Our daughter Caroline was born today 4th April, 1976. I had spent the evening before watching television and Caroline was competing in a competition. She was as we all know an amazing rider. I had already chosen Alison for a name if we had a girl, however when she was born i changed to Caroline thinking of the strong, capable and lovely young woman from the previous evening. Our daughter has lived up to that name she has all the same qualities. Lovely memories of a Great horsewomen.

  4. Kim says:

    As a young USAF airman stationed in England, I loved watching her and Tigre together. I have told my kids about her: her dedication, her work to be accepted and successful in a sport traditionally held by men. I would have loved to have met her. Watching the competitions after her passing just wasn’t the same.

  5. Diana Mackintosh says:

    I had the please of meeting her on several occasions at her home along with a friend who was ghost writing her autobiography. Her dedication to and her knowledge of horses was to say the least spellbinding. I can still remember a large amount of what she talked about and the details she went into about so many aspects. I too wash shocked when I heard that she had died so tragically young. She was a truly unique and special person, I too cried when I heard the news and long may she be remembered

  6. Haynet Admin says:

    Thank you for sharing your memories of her. She is truly an equestrian legend.

  7. Pam Prendergast says:

    My heart ❤️ is touched by Caroline especially the story of
    how she would give a one to one lesson to a stable girl
    when she could and the fact that she bought and trained Milton herself. So unfair she had to pass him along to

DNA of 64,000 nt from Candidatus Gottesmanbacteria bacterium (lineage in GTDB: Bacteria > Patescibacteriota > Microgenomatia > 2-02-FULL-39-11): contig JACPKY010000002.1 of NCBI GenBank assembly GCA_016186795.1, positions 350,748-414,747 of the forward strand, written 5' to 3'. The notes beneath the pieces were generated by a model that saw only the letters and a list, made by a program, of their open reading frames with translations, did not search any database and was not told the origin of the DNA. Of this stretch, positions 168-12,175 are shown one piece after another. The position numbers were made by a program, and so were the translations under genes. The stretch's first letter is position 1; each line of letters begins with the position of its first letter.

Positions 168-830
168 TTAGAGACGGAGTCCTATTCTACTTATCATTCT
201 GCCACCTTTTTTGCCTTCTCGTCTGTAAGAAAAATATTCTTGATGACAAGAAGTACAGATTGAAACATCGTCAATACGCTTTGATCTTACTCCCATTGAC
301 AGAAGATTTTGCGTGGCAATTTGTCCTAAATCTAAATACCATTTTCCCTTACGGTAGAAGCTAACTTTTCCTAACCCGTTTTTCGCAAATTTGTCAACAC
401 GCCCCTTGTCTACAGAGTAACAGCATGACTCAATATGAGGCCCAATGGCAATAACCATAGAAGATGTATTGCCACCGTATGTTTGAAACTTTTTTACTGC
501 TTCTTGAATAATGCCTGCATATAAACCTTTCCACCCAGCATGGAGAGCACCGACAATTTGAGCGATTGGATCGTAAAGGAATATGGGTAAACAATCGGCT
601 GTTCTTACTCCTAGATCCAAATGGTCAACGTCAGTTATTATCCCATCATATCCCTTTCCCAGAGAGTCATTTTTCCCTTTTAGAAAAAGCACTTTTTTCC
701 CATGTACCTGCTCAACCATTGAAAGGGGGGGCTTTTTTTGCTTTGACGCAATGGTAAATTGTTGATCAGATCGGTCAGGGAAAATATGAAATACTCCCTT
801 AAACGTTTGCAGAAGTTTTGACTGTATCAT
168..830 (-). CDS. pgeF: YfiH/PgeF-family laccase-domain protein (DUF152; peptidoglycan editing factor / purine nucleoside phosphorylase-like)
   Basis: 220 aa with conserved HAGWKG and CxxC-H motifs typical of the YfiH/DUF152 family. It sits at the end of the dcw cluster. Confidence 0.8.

Whitaker but I’m sure she’d say we just have the moment and we are all vulnerable. Being fearless in this life
    where we don’t know what will happen we should all
    take from Caroline plus her generosity and kindness.
    Today I see show jump riders whose fathers are
    CEO’s of computer companies or rock stars whose horses
    are purchased for them at hefty sums into a million or millions. I’d like to see them start from scratch or teach
    a stable girl for free. My colt an Oldenburg was backed
    by a USET rider in the US who would not permit the stable
    girl to ride. One day when the trainer was gone the girl
    saddled up the trainer’s mother’s pony. This stable girl
    found ride and had lovely hands. I teased her and said she was better than all of us and well I meant it. The snobbery and greed of show jumping in Wellington Fl and some other places makes me feel sad for the horses and
    others that have to work for those people. My colt became quite accomplished and beloved as a hunter doing well and winning A shows. I never sold him into slavery but he ended up with another trainer who like
    Caroline has a ❤️ heart. Milton missed her for sure. I see he also died of heart ❤️ failure.

Leave a Reply

Your email address will not be published. Required fields are marked *

About Haynet

Haynet is a leading equestrian and countryside blogging directory, telling your stories from the stables to the fields. If you love living in the countryside, riding your horse, farming the fields or walking your dogs through the woods – then you will feel right at home here!

Haynet is the host of the Countryside Blogger of the Year Award celebrating top class bloggers within the industry. Samantha is also joint judge of the Equestrian Blogger/Vlogger of the Year Award. We are the founder of the #HorseBloggers and #RuralBloggers channel, dedicated networks to share countryside related content, engaging with the blogging community. Being passionate about rural business, we work and support equestrian and countryside companies too. Haynet brings you all the views, news, podcasts and latest products from the stables to the fields which we know you will find of interest!

So grab a cuppa, kick off your wellies and enjoy reading from the countryside!

Search

Free Rein Logo
badge image

Equestrian Blogger/Vlogger of the Year 2019

Countryside Blogger of the Year 2019

Pet Magazines at Pocketmags

Facebook

Post History

Haynet Podcast

My Favourite Equestrian TV Series: Flambards